Oil Stocks- Stocks Hail Earnings, Jump Triple-Digits
Equities in Canada’s largest market opened higher on Friday as material stocks rose tracking gold prices, which were set for their best week in six months on lower dollar and Treasury yields.
The TSX leaped 140.44 points to open the week’s last session at 19,431.42.
The Canadian dollar tailed off 0.07 cents to 82.20 cents U.S.
Cenovus Energy swung to a first-quarter profit from the previous three-month period, as global crude recovered on the back of easing COVID-19 restrictions and vaccine rollouts.
Cenovus shares docked nine cents to $9.63.
Air Canada reported its fifth-straight quarterly loss despite securing a $5.9-billion government aid package, as rising coronavirus infections in parts of the world and travel restrictions limited traffic. The Maple Leaf Airline sprouted wings and flew 24 cents, or 1%, to $24.40.
Berenberg raised the target price on Wheaton Precious Metals to $49 from $47. Wheaton gained 25 cents to $53.40.
Scotiabank raised the target price on AutoCanada to $55.00 from $46.00. AutoCanada shares buoyed 79 cents, or 1.7%, to $46.12.
RBC raised the target price on Imperial Oil to $39.00 from $35.00. IMO shares jumped 49 cents, or 1.3%, to $38.19.
On the economic front, Statistics Canada reported that the economy lost 207,000 jobs in April and the unemployment rate rose 0.6 percentage points to 8.1%.
This followed cumulative employment gains of 562,000 over the previous two months.
Western University’s IVEY School of Business came out later this morning with its Purchasing Managers’ Index for April. The index tumbled to 60.6 in April, lurching below the 72.9 reading in March, but still well above the 22.8 figure for April 2020.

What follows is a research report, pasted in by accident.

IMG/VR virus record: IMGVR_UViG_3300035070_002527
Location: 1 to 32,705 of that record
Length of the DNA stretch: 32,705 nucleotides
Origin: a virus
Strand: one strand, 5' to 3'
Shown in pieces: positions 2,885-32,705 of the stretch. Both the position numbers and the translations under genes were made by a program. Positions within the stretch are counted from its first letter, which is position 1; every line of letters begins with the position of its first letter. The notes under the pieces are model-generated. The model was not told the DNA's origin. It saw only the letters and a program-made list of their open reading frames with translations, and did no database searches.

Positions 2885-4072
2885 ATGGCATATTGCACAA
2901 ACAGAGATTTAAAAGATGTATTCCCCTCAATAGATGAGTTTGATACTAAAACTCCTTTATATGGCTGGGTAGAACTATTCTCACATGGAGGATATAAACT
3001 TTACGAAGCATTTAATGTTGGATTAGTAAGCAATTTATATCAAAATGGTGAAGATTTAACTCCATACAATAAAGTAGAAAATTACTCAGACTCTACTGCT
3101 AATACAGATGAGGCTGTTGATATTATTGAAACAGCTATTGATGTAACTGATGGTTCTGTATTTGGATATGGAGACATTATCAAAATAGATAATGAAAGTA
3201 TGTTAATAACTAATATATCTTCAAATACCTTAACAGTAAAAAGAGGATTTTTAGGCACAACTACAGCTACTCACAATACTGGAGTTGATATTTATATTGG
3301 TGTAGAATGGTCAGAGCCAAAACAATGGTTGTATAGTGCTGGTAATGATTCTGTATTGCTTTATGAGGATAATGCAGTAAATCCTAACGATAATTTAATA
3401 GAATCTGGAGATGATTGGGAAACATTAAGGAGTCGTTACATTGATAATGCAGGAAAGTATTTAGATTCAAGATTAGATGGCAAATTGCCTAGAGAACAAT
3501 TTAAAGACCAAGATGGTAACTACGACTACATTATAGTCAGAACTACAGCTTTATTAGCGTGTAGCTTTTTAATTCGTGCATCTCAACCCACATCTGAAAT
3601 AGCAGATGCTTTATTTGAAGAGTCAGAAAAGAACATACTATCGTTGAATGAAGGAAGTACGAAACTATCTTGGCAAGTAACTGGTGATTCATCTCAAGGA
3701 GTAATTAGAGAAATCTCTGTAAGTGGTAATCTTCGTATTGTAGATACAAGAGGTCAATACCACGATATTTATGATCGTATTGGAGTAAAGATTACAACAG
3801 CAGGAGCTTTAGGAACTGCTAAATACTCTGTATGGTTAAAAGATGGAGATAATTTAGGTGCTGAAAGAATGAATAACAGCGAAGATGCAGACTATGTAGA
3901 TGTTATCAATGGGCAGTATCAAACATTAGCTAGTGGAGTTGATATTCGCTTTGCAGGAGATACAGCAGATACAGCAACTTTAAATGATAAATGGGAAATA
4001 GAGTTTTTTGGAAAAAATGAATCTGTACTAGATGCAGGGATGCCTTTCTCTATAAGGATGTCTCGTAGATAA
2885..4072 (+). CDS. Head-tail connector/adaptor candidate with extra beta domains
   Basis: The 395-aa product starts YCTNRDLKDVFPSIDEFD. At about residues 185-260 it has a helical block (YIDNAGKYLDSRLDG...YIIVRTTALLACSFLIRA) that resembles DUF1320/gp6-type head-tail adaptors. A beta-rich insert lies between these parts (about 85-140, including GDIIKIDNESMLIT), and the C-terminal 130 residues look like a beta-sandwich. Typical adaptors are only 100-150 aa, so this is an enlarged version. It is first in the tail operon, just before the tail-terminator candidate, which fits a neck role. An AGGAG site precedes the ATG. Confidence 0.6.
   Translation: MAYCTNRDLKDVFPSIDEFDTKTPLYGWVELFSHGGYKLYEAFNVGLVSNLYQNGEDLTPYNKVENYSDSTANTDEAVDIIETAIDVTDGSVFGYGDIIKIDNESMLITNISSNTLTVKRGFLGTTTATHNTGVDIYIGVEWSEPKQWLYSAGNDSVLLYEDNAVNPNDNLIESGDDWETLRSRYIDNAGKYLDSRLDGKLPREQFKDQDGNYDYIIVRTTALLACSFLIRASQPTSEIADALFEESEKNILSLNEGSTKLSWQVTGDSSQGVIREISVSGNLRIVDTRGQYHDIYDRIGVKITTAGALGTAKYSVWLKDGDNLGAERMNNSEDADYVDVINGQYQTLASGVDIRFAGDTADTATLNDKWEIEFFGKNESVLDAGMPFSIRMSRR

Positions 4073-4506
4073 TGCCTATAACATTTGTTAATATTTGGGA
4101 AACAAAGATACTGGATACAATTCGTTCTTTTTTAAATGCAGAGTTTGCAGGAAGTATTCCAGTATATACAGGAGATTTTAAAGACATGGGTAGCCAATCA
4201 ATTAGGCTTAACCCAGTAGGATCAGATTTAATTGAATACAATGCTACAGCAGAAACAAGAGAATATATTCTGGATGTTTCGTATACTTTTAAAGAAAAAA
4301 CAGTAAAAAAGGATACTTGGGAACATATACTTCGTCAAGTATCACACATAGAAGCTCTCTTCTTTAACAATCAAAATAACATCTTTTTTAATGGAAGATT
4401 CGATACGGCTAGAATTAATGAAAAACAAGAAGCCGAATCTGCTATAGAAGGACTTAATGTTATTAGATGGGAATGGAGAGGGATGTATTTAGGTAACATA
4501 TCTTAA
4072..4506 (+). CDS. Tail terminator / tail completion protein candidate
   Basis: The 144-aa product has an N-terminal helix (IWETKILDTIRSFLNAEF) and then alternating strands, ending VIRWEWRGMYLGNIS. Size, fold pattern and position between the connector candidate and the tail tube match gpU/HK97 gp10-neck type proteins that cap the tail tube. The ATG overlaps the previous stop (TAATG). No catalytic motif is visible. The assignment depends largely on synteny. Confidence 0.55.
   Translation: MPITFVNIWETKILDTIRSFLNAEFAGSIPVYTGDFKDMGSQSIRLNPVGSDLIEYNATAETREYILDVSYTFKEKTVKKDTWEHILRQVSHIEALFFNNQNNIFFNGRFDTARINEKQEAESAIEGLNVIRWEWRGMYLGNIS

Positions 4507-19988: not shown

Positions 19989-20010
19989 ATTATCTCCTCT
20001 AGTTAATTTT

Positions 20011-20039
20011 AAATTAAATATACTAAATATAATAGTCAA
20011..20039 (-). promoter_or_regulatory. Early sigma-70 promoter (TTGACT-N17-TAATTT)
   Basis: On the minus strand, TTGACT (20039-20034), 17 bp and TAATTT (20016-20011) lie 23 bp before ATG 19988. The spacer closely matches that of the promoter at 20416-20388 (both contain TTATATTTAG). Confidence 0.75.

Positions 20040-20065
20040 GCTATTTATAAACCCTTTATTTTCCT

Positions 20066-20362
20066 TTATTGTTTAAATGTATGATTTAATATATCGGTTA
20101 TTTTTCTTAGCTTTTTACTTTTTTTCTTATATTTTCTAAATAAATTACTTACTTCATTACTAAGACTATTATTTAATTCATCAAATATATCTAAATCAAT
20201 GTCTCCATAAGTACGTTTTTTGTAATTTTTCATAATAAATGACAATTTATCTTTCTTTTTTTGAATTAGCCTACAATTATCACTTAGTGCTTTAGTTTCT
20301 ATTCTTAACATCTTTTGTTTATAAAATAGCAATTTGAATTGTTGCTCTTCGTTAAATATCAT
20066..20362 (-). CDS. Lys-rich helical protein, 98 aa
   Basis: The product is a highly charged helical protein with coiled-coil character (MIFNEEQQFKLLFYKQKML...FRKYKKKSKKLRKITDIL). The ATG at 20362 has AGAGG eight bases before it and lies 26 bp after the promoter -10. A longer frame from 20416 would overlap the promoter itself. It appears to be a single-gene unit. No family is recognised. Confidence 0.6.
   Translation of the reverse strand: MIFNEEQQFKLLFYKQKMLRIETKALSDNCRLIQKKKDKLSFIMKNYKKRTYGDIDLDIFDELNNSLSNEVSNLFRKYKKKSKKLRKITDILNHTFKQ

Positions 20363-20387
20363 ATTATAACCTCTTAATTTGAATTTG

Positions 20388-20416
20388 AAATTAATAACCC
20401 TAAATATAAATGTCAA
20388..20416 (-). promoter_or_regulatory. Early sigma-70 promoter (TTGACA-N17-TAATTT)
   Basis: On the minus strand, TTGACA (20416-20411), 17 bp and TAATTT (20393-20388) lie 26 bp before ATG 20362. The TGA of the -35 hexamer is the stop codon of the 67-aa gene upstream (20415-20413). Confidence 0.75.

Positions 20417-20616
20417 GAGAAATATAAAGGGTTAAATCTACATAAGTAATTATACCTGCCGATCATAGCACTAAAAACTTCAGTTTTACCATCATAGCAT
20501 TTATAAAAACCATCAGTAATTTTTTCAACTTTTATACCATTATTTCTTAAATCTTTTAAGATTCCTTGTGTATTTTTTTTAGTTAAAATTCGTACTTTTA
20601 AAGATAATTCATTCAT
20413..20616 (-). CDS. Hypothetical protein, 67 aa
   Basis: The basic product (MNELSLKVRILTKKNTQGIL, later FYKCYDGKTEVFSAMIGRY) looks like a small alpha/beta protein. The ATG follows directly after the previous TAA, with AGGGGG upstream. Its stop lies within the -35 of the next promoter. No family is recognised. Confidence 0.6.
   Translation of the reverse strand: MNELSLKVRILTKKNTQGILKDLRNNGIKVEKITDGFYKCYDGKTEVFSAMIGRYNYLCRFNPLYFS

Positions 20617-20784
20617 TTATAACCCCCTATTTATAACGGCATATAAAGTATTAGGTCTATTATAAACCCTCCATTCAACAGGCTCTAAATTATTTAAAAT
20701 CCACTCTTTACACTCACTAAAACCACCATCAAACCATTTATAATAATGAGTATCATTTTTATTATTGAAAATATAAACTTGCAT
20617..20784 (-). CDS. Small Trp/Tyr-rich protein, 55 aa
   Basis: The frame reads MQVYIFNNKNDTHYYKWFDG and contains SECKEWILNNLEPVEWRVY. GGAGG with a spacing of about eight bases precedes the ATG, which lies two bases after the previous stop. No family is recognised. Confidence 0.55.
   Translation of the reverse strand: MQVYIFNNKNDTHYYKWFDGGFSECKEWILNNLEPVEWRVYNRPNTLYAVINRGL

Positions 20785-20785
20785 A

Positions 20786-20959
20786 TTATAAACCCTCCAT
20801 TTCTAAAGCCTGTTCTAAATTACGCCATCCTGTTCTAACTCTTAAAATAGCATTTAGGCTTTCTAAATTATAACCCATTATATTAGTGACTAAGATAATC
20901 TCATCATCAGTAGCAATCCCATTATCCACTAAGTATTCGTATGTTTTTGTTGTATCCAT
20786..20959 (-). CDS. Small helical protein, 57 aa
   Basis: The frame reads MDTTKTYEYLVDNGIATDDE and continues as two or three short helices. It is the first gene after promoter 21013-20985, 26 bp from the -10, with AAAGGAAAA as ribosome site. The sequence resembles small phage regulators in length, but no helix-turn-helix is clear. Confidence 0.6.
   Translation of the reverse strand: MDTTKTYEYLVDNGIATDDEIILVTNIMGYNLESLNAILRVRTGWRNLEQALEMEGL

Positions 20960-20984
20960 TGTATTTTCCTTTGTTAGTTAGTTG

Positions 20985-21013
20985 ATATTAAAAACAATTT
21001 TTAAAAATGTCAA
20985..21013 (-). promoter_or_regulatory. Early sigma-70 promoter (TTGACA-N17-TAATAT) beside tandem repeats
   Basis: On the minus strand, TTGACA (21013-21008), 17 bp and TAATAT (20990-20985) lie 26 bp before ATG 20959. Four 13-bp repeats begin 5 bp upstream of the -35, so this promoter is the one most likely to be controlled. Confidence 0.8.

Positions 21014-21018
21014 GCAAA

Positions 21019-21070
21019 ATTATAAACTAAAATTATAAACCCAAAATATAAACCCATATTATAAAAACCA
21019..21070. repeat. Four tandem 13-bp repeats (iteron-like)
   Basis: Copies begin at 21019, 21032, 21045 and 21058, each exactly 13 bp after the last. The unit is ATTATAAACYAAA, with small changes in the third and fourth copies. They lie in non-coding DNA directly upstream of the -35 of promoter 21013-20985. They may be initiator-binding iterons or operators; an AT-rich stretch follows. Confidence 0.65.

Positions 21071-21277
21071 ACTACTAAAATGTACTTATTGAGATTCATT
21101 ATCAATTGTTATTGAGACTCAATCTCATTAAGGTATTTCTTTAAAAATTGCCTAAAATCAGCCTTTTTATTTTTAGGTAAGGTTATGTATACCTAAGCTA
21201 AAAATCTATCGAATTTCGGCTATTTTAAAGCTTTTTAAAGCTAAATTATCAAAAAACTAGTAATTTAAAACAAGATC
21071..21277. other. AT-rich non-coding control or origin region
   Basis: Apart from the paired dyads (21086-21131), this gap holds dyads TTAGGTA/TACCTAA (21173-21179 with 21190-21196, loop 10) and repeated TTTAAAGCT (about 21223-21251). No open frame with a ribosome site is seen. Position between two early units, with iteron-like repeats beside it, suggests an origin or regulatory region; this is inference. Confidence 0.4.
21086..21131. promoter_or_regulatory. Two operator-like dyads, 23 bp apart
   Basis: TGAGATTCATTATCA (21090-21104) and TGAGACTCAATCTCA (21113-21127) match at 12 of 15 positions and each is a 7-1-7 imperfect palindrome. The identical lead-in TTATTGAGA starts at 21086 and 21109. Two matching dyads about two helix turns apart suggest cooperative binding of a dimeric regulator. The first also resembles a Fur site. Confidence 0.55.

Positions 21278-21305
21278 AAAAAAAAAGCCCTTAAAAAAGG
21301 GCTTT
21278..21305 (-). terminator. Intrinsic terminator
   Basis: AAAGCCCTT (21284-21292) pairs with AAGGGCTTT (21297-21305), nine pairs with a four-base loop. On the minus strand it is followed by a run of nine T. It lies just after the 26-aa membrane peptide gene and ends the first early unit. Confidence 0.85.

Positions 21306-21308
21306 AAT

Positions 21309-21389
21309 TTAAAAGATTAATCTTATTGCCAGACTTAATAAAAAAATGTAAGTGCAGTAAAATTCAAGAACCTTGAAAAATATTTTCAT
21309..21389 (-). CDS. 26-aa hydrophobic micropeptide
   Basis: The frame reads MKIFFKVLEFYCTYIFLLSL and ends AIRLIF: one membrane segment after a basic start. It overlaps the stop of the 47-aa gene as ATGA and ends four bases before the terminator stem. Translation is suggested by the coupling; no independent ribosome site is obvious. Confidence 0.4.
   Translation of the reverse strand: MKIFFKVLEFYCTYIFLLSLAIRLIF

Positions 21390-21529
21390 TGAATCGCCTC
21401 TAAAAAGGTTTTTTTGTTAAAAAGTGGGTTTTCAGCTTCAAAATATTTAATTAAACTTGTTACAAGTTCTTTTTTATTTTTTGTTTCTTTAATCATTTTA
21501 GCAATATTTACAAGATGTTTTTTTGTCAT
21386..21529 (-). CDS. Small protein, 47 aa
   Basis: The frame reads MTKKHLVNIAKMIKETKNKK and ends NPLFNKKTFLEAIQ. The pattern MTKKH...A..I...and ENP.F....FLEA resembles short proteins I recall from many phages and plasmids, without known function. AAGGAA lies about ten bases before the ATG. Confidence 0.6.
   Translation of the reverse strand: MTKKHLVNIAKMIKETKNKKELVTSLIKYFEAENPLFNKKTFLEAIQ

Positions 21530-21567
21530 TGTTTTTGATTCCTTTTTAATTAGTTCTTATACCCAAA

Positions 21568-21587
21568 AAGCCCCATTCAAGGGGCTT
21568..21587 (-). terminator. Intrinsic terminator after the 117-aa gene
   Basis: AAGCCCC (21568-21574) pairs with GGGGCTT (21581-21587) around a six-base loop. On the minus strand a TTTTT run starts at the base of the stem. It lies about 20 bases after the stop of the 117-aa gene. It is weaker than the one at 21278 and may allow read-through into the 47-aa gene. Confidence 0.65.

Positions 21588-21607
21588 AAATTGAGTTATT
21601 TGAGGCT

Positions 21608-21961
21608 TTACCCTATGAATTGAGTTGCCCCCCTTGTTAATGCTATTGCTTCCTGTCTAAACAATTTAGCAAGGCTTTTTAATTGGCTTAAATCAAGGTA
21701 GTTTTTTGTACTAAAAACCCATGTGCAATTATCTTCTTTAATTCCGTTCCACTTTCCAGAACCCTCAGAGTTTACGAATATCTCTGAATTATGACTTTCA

The TSX Venture Exchange registered 8.15 points to open Friday at 951.92.
All 12 subgroups were higher in the first hour, led by health-care, surging 3.8%, materials, improving 1.9%, and information technology issues, 1.7% to the good.
The S&P 500 rose to a new high on Friday even after a disappointing April jobs report as the weak number made investors believe easy monetary policies that powered the market’s historic rebound will stay in place for longer.
The Dow Jones Industrials catapulted 161.14 points to register another intraday record of 34,709.67. The Dow is on track to break a two-week losing streak.
The S&P 500 leaped 33.85 points to 4,235.47.
The NASDAQ Composite skyrocketed 193.36 points, or 1.4%, to 13,826.21.
For the week, the Dow is up more than 2%, while the S&P 500 has gained 1%. The NASDAQ had shed 1.5% so far this week.
The U.S. Labor Department said non-farm payrolls increased by just 266,000 in April, far less than the one million total economists were expecting, according to Dow Jones.
The unemployment rate rose to 6.1% last month amid an escalating shortage of available workers, higher than an expectation of 5.8%. Meanwhile, March’s originally estimated total of 916,000 was revised down to 770,000.
Investors bet that the big jobs miss could keep the easy policies of the Federal Reserve in place, including record low interest rates and a massive bond-buying program.
Tech stocks, which have been winning under the low-rates regime during the pandemic, outperformed after the data release. Facebook, Amazon, Netflix, Alphabet, and Apple all traded in the green. Tesla rose nearly 2%. Higher rates tend to hit growth stocks the most since they reduce the value of their future earnings.
Shares of Roku rallied more than 15% after the streaming company blew past expectations with its first-quarter results. Roku posted adjusted earnings of 54 cents per share, compared to an estimated loss of 13 cents per share. Revenue rose 79% from a year ago and exceeded expectations.
Prices for 10-Year Treasurys gained ground, weighing yields to 1.53% from Thursday’s 1.57%. Treasury prices and yields move in opposite directions.
Oil prices regained 14 cents to $64.85 U.S. a barrel.
Gold prices popped $25.00 to $1,840.70 U.S. an ounce.